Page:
Editor’s Note: Normally, I don’t post things during a break, but I’d like everyone to read this from Kurt Ostrow. Also, this is totally appropriate even right now and any time, not just the first day of school. Enjoy!
In my work as a public high school English teacher, I try to think of ways to center students on the margin.
This summer, as I celebrated the organizing that secured trans rights in Massachusetts and read the visionary platform of the Movement for Black Lives, I thought about my own responsibility as an educator: How can I continue to support trans students and students of color in my classroom?
To do this work well requires serious time and energy—both of which public school teachers desperately lack. Transforming schools into liberated and liberating spaces is hard enough without the pressures of high-stakes testing, punitive evaluations, and a ballot question to lift the cap on charter schools.
But we must, of course, keep doing the work. We must constantly reimagine what we teach and how we teach it. We must make our schools places that welcome and center, rather than simply tolerate or accommodate, trans students and students of color.*
Here’s one move I made at the start of this school year: letting students pronoun/ce themselves on the first day.
When my kids found their seats last week, I asked each of them to write on an index card their name, a phonetic guide to their name, what pronouns they use, and the answer to an icebreaker. I walked them through a model on the board:
After I fielded questions from the floor and gave students time to fill out their cards, I modeled with my own introduction: “Hi yall! I’m Mr. Ostrow. I use he/him/his pronouns. And if I had a time machine…” Students then went around the circle and introduced themselves. Later, I took the index cards home and reviewed the phonetic guides for practice.
It’s no secret that teachers—particularly white teachers like me—too often butcher the names of students of color on their rosters. I worry this moment sets a dangerous tone, suggesting to those students that there’s more pain, more humiliation, more alienation to come. But when each student has the first opportunity to say their own name—and to say it right, as high school poet Hiwot Adilow demands — this disrupts the traditional, often racialized, balance of power in the room. (In fact, I teach in Fall River, an enclave for many white Portuguese immigrants, and the more times I can hear the proper pronunciation of João, the better.)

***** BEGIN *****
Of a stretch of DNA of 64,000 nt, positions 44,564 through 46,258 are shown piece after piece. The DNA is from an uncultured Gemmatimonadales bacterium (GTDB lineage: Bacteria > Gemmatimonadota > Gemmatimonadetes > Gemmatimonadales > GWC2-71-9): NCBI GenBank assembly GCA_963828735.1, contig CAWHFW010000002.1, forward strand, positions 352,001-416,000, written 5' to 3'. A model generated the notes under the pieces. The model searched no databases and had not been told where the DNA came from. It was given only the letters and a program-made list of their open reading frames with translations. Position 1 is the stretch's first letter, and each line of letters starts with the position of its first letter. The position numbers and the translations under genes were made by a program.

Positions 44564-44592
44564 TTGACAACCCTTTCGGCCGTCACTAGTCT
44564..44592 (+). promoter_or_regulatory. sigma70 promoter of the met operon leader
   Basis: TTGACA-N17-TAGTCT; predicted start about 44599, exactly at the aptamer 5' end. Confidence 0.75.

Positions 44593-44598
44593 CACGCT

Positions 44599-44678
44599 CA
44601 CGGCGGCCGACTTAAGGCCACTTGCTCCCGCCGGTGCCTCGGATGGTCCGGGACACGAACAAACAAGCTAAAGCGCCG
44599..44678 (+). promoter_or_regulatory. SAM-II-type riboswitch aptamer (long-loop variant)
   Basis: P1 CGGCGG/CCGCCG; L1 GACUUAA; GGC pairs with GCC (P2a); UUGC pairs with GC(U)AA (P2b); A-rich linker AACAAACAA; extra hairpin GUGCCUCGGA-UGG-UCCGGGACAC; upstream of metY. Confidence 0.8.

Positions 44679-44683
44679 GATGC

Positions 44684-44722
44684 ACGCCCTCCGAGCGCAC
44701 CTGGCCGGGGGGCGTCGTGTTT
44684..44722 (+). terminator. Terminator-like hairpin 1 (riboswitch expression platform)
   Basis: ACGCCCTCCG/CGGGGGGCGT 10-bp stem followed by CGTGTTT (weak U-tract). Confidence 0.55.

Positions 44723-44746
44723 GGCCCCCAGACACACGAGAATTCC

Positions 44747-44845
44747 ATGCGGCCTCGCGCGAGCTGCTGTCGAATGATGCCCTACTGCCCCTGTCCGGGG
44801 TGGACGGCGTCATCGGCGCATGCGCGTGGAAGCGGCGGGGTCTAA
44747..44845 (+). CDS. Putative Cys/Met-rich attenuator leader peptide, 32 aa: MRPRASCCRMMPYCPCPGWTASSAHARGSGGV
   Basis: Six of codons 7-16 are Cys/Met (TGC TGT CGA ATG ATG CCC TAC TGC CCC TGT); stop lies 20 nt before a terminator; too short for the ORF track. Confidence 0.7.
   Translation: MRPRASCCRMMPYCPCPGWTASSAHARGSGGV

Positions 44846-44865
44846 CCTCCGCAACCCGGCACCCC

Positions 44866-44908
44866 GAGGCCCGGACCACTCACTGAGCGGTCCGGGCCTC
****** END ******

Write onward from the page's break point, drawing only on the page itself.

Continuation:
Plus, if a student’s given name isn’t the name they use (for any reason, from nicknames to gender transition), then that student doesn’t have to backpedal or clarify. They are who they say they are.
Yes, the pronouns are trickier. Many students aren’t familiar with the gender-neutral they or genderqueer hir. (Or with pronouns at all!) My experience in a working-class public high school, however, suggests that a short conversation can do the trick. (Kids these days!) Taking the time on this—even if it’s uncomfortable—invites trans and genderqueer students to be their whole selves in the room. And it signals to everyone else that we can’t make assumptions about gender or the language we use to talk about it. We have to be deliberate. We have to ask.
This practice grows out of an attempt to see my students as whole people, worthy of respect and dignity, in possession of lives that matter. And I do it because, as I remind my young writers all the time, it’s not enough to just tell them I love them; I have to show them.
*For ideas about how to engage in more transformative social justice education, I’m a fan of publications like Rethinking Schools and conferences hosted by groups like the NY Collective of Radical Educators.
Kurt Ostrow teaches high school English in Fall River Public Schools. He serves as a vice president of his union local and on the LGBTQ Committee of the Massachusetts Teachers Association.